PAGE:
Standing up for D&D's Gen X: 2e (Part 2)
This is part 2 of a 2 part series. Part 1 is about 2e rules. Part 2 is about 2e 'culture'.
Here's my dirty little secret that I never told anyone before:
I actually really liked the Complete Book of Elves.
I am just going to leave that bombshell hanging in the air and return to it later in this post, in the hope that the shock value of that statement will minimise the impact of what I am going to say next.
The aesthetic of 2nd edition expanded and improved the D&D genre of fantasy.
I am going to interject here and say that this post covers two 'cultural' parts - Genre/aesthetics and Style of play. Right now we're obviously talking the first part, but I will get to the second further down. Alright, back to the topic at hand:
Let's ignore the masochistic"I prefer the cheapass sketches to top of the line artists" argument that you see 1st editioners espouse every now and then as insular nostalgic nonsense and go to a second point:
Most 1e grognard complaints in this department seem to be that 2e is basically Paladins & Princesses - After all, they removed half-orcs and assassins and renamed devils and demons.
Those are, honestly, improvements. Assassins and half-orcs was the 80s version of edgelording. People who genuinely think they were missed in 2e are the same kind of people whose favourite marvel characters are Gambit and Carnage (would be wolverine except for how mainstream popular he is). As gaming fantasy goes, it's about as naff as anything can be. Also, no one cares if your devils and demons now have a new name even though everyone knows they are devils and demons. Grow up.
Now, let me start by saying I have a lot of appreciation for the Sword & Sorcery genre. And I think it is an excellent baseline for D&D fantasy. But there is a critical element of fantasy very under-represented in the 1e aesthetic. Arthuriana.
As a child, I loved Ivanhoe, Prince Valiant and Arthurian tales. I enjoyed Ladyhawk and Willow. And Three Hearts & Three Lions is absolutely a D&D tale in my view.
Now, that is not to say that I am secretly yearning for AD&D to be Pendragon-in-drag(on), although it bears mention that Malory's La Morte D'Arthur and Prince Valiant are, in fact, metal as fuck (Valiant in particular - sacks cities, sells people into slavery and casually kills people he doesn't need to - also, his arthurian world is the definition of crapsack).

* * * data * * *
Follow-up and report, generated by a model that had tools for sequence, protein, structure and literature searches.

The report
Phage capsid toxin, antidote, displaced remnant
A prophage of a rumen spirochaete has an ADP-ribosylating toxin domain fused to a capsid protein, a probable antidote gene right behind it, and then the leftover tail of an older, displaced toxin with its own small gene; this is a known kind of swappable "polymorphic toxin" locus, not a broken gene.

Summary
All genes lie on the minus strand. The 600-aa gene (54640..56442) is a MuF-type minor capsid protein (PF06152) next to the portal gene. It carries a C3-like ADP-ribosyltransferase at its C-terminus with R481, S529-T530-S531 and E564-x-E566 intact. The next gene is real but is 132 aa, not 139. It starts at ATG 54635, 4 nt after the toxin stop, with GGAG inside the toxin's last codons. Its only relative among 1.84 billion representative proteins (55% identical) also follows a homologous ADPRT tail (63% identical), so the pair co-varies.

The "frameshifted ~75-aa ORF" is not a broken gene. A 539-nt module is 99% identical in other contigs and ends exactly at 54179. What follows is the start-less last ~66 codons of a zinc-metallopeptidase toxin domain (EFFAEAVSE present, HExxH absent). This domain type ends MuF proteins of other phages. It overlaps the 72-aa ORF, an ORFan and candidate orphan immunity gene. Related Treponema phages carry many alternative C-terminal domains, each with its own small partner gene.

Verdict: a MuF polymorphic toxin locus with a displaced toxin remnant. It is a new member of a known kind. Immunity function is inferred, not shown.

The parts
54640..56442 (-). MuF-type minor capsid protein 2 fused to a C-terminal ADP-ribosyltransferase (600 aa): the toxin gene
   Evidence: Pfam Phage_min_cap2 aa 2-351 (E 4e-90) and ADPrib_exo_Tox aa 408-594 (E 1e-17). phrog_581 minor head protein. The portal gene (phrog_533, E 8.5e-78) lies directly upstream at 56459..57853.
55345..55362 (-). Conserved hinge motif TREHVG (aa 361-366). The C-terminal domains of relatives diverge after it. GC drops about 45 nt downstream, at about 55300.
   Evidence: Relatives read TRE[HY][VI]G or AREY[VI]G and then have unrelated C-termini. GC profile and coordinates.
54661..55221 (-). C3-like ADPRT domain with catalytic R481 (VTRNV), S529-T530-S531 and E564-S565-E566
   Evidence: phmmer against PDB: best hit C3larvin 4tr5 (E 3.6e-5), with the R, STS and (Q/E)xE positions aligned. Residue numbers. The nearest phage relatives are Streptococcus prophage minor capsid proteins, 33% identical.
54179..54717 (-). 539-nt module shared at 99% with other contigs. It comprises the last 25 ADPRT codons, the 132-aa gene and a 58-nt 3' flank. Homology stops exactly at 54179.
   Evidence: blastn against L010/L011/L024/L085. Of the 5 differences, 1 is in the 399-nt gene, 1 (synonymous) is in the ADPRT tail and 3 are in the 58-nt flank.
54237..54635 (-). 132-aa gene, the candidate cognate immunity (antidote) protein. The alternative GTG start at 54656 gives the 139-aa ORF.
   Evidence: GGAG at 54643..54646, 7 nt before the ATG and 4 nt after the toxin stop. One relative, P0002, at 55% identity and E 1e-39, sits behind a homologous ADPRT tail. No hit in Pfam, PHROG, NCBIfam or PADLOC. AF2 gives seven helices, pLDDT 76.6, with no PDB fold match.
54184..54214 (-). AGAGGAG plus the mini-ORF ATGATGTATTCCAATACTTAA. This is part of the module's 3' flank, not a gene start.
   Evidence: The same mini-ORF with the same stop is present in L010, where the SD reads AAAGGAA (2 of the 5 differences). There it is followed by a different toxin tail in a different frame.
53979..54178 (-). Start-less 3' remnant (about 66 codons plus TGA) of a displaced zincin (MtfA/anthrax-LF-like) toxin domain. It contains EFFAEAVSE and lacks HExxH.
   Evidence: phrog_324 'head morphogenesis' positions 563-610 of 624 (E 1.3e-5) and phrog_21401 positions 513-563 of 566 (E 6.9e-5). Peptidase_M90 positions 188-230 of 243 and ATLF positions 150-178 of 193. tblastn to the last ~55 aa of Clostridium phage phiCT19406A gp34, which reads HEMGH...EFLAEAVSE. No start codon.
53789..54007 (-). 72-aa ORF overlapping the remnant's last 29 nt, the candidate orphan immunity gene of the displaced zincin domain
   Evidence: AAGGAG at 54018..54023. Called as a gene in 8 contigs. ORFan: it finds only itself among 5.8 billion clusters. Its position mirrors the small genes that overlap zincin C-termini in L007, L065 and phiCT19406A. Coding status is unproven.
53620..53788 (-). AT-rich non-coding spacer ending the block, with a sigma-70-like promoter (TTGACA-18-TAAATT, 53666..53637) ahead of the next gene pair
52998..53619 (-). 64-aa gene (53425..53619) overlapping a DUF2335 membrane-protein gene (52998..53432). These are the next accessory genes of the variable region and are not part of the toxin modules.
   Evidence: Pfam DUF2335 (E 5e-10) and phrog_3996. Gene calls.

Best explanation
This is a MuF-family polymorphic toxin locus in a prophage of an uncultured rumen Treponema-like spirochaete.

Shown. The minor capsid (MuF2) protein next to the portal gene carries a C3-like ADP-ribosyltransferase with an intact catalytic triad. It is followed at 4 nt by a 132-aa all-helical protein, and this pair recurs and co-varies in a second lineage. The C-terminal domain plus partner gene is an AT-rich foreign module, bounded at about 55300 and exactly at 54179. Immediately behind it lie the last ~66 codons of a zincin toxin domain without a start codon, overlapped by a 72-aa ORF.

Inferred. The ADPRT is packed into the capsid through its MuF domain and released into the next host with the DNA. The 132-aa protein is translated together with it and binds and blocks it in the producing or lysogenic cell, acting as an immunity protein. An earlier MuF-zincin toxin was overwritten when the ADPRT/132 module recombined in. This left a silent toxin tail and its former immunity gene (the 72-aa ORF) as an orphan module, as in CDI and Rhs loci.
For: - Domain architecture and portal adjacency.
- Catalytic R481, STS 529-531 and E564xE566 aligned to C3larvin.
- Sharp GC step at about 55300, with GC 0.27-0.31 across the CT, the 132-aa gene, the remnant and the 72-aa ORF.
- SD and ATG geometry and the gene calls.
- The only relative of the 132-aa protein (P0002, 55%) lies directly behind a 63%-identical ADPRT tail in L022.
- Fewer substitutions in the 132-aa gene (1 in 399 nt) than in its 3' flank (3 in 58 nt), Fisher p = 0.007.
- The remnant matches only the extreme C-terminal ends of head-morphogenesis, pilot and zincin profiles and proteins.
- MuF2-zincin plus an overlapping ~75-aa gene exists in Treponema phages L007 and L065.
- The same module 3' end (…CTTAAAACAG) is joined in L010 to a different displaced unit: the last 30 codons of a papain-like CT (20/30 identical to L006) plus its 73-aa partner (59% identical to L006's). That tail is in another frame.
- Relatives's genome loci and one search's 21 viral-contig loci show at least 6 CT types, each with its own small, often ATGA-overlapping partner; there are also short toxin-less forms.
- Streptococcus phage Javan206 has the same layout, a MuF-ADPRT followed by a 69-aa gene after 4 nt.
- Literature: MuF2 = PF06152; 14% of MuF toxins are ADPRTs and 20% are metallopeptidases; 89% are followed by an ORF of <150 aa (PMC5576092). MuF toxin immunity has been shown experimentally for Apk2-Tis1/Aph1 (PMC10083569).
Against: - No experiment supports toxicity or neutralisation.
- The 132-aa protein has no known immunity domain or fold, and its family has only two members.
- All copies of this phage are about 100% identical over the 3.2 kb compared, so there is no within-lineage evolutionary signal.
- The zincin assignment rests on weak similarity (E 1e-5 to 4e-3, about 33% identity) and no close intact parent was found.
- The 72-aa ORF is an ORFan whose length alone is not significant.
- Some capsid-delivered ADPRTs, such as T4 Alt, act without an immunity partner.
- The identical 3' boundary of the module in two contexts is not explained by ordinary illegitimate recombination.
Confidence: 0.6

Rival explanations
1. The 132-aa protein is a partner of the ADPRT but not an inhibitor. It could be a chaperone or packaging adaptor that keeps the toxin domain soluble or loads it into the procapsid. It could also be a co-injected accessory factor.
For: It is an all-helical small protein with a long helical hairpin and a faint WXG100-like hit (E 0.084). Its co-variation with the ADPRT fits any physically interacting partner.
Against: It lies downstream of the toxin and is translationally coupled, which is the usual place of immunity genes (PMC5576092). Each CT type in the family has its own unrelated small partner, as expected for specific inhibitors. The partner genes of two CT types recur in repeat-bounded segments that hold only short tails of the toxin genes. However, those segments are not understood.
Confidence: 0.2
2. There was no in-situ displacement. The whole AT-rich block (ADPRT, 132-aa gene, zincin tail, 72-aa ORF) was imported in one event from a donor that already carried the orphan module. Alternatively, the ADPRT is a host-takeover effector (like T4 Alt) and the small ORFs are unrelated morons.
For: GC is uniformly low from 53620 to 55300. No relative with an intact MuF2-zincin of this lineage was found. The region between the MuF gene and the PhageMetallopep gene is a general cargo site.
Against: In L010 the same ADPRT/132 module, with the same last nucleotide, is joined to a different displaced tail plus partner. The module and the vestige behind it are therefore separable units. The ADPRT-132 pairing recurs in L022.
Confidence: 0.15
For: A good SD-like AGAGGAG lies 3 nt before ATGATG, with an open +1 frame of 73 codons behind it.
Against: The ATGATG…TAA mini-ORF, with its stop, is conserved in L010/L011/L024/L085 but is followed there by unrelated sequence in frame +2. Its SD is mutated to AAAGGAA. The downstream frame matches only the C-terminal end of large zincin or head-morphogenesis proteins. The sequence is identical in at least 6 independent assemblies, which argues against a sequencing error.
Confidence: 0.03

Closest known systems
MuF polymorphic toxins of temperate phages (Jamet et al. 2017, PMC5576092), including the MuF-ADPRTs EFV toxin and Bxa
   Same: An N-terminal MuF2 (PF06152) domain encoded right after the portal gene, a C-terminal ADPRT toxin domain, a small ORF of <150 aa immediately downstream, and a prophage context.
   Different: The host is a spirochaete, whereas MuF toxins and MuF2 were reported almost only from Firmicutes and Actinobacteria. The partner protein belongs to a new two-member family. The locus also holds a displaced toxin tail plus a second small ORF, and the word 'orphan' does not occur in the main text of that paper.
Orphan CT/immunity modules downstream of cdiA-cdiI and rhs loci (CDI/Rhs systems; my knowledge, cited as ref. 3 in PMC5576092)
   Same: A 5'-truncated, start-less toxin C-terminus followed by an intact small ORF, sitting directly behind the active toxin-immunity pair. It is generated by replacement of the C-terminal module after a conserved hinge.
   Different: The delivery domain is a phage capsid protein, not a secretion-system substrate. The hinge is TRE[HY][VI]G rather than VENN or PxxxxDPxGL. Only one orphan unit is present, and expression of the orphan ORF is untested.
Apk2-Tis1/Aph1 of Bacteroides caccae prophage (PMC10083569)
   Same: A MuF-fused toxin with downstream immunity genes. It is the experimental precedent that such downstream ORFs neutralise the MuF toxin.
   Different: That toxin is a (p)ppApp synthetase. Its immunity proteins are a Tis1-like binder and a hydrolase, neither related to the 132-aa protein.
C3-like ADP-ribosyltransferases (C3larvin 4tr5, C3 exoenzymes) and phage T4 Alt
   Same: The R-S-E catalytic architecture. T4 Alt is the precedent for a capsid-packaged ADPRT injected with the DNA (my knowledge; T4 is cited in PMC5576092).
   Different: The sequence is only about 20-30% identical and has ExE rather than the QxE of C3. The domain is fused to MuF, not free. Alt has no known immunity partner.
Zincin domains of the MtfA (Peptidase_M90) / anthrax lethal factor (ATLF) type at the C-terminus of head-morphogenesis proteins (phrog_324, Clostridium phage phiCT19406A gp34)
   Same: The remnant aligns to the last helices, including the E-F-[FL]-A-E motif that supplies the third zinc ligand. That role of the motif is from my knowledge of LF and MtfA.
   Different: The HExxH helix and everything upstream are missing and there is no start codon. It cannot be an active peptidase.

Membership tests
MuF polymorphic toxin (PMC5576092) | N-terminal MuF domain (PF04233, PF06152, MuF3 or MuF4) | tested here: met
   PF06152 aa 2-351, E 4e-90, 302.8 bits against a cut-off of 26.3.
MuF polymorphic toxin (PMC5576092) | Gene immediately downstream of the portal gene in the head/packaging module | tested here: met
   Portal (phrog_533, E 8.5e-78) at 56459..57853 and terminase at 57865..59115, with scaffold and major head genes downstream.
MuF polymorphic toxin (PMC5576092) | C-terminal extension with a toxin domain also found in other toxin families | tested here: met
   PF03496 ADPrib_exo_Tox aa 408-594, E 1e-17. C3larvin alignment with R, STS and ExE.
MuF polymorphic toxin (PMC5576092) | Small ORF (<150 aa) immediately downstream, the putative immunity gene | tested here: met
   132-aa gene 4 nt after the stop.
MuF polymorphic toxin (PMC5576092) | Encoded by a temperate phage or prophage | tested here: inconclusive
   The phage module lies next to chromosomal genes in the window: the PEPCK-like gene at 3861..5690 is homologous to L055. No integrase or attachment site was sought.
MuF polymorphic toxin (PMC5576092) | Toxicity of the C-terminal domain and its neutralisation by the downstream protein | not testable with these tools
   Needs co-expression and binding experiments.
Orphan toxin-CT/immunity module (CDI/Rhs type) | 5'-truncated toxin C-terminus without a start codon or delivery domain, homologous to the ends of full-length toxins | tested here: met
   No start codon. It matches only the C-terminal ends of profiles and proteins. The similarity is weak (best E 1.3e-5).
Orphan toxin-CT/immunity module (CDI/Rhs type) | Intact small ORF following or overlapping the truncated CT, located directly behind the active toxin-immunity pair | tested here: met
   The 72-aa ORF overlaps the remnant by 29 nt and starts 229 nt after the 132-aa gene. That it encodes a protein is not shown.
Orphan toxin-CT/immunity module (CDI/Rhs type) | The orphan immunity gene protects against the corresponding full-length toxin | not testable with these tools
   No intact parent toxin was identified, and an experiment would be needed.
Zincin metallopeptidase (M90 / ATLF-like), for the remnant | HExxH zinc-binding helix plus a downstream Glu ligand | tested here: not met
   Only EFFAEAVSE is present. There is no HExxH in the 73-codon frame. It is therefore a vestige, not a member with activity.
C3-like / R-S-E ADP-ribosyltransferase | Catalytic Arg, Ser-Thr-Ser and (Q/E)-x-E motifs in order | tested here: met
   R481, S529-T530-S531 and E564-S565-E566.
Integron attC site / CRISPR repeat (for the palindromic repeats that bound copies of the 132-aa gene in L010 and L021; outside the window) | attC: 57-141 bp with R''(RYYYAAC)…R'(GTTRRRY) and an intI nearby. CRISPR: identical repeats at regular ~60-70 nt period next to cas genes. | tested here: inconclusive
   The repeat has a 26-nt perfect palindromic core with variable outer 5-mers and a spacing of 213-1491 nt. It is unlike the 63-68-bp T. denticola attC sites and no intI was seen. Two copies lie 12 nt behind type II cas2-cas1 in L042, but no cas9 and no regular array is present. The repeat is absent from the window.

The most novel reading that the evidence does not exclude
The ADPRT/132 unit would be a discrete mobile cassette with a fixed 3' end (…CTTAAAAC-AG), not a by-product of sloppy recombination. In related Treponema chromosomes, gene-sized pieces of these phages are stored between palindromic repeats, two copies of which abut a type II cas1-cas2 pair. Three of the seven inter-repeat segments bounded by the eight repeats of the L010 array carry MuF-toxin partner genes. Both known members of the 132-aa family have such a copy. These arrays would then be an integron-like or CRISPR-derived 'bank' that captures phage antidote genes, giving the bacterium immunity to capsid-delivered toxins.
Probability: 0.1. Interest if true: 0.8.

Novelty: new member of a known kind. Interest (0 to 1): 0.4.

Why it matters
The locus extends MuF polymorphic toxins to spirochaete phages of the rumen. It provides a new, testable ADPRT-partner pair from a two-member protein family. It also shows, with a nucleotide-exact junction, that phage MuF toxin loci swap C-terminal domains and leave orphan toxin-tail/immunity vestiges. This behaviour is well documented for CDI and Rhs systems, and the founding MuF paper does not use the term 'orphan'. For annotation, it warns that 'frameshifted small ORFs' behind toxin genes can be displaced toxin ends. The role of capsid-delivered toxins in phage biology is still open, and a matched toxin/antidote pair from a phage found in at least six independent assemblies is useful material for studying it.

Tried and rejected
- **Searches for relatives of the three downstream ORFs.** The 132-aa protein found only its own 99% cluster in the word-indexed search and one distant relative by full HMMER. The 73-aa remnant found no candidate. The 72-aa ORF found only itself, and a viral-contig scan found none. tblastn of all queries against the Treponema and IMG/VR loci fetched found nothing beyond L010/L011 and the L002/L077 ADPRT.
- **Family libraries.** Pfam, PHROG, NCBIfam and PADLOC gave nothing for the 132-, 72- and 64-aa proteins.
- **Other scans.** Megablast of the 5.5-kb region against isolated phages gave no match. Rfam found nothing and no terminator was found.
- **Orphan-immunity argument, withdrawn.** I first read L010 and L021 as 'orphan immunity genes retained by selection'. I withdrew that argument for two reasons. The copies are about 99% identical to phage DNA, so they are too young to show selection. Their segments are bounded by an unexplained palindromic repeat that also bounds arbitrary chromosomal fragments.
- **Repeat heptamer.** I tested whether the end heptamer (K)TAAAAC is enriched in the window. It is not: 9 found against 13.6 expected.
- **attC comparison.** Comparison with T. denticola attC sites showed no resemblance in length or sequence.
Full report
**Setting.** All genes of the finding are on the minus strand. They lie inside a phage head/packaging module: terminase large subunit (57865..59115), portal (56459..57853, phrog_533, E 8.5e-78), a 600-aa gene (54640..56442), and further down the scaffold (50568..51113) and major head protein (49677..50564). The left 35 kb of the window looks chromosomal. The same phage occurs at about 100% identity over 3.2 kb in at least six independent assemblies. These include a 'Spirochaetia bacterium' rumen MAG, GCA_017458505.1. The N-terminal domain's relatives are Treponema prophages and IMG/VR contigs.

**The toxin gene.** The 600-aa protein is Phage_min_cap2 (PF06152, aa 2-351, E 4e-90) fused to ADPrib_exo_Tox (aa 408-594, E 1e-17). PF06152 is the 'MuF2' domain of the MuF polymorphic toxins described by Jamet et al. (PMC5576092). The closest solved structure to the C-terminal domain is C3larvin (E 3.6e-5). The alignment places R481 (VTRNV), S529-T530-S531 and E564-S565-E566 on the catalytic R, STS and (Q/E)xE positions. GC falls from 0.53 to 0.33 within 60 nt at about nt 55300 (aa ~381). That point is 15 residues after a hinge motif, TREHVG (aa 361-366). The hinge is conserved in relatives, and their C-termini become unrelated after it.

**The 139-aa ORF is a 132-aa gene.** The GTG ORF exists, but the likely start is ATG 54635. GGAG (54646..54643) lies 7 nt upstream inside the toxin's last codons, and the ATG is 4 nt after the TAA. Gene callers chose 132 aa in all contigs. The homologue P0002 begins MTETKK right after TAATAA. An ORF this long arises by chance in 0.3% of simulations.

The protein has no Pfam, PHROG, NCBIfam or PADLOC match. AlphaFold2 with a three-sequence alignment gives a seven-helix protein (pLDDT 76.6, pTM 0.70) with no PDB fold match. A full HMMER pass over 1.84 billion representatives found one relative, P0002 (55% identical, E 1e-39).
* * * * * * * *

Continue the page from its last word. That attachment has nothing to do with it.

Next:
But I want them to be a part of the D&D fantasy genre without dissonance. What place does a paladin actually have in the murderhobo looting gaming aesthetic of 1e AD&D? None. The paladin is honestly a really weird fit for the 1e alleged style of play.
But it has a place in second edition. The same way Tolkien's brand of fantasy does. The 2e aesthetic is probably the most medieval one of all editions and somehow that's a bigger tent. But let's also put this in perspective. Yes 2e gave us Larry Elmore and his epic landscapes, but the most used artist in the 2e era is probably Jeff Easley.
The guy whose art framed the covers of all three 2e core books, all three revised 1e core books, the rules cyclopedia, the black box D&D set, the revised 2e core books, the revised black box, the Player's Option covers and more.
I mean, it's crazy how many core books he did the covers for. Basically all of post B/X ones that wasn't BECMI. No one defined the post 1e TSR aesthetic more than him. And he was metal as fuck. Look at this shit:
|He smashes the door with a full body flex? WTF.
Also, I want to play that thief behind him.
|Fly, you fools
|A rare 2e heroic ambush
But there's a few Easley pieces I feel really encapsulates the defining tone of 2nd edition, what I call "Knights in Grimey Armor".
|The PHB cover is basically how I envisioned 9th+ level fighters to look after they've attracted followers and established a stronghold. Riding out to dish out the pain.
I do believe that one reason that 1e old schoolers proudly proclaim the virtues of the old style of play whilst no one sticks up for 2nd edition as being good for anything is simply to do with the generational gap. Those who grew up on 0D&D and 1e were late boomers/early Gen Xers.